Pursuant to the grueling research that attends yet another article, I’ve gotten hip to numerous first-rate local sources for the very best meat one could hope to eat. Or, in the case of people with actual hearts and souls, the only sort of meat one would agree to eat: from animals raised humanely and fed things like grass and/or kitchen scraps and which live the best possible life evolution and domestication have combined to construct for them.
In this case, it was 100% grass-fed Black Angus T-bones from Cedar Ridge Farm over on the Connecticut line. Feeling lazy, I pulled a couple out of the freezer and dunked them in tepid water to thaw (they’re vacuum-packed) while I figured out what to adorn them with. We happened to have leftover brown rice and whole wheat couscous, neither in sufficient quantity to make much of anything. Combined, though, they added up to something, so I made a pilaf of sorts by tossing them with olive oil, cider vinegar, scallion, cilantro, and a bit of kimchi brine. I let the mixture sit to harmonize while I blanched lovely big collard leaves after pretty expertly stripping off the extra stem with my very best knife.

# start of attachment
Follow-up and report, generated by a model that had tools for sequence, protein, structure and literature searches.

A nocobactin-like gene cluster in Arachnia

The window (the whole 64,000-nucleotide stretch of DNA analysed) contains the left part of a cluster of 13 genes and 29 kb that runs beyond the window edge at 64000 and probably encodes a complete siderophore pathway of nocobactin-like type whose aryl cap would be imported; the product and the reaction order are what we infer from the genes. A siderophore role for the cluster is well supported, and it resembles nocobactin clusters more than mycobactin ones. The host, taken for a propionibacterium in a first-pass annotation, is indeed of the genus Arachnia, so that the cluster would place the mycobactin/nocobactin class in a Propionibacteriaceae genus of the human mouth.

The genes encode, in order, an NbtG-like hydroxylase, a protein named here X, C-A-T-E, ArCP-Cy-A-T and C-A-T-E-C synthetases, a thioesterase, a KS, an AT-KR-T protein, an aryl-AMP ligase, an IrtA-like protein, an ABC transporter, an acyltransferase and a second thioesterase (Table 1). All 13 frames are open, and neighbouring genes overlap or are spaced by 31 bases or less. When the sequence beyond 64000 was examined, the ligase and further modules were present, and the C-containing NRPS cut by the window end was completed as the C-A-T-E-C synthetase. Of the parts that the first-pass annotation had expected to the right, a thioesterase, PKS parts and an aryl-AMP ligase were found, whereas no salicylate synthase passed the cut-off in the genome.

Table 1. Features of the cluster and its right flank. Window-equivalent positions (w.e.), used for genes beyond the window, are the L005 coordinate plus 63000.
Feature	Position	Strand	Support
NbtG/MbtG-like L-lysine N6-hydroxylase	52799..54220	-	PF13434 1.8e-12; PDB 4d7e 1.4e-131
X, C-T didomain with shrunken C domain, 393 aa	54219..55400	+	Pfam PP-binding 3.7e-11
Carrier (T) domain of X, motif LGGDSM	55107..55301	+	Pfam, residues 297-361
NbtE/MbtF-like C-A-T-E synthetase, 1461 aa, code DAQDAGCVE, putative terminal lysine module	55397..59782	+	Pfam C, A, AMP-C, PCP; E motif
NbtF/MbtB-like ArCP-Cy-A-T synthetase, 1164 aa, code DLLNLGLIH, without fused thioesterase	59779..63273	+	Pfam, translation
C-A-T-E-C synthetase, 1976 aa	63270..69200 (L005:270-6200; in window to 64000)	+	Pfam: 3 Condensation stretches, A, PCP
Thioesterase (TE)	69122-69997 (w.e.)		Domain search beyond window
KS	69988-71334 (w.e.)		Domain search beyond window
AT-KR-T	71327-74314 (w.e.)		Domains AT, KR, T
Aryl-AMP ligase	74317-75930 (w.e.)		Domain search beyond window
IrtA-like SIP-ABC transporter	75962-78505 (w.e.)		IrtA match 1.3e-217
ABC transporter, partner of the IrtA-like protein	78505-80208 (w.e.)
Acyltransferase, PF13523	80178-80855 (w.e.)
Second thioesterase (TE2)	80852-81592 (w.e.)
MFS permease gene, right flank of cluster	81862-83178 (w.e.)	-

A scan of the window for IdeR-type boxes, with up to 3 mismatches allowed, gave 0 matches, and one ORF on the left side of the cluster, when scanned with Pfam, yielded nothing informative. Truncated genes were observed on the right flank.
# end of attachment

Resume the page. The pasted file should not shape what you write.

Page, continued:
Having at least one high-quality knife that is kept very sharp makes almost every task easier.
Once blanched, and thus a pliable and resplendent British racing green, I rolled up each leaf with a generous dollop of the pilaf and then simmered them gently for a few more minutes in some of the lusciously gelatinous pork stock from the last post. I cooked the steaks in butter, flipping them often to get a good sear–their thickness (1″) precluded a gorgeous, dark crust–and then removed them to rest on a plate, covered. While they reposed, I deglazed the pan with kimchi brine and dijon mustard, whisking it into the steaky fond to make a thick sauce.
Grass-fed meat, because it’s much healthier and less fatty (and with entirely different kinds of fat) needs a bit of care in the cooking. Fat tends to allow wiggle room to clumsier cooks, making for a wider zone of acceptable doneness and tenderness. This kind of beef wants to be rare to medium rare. It’s so beefy and wonderful that it’s a sin to cook it past 130 degrees. And with a tangy, mustardy sauce and some bright green grain wraps, life is good indeed.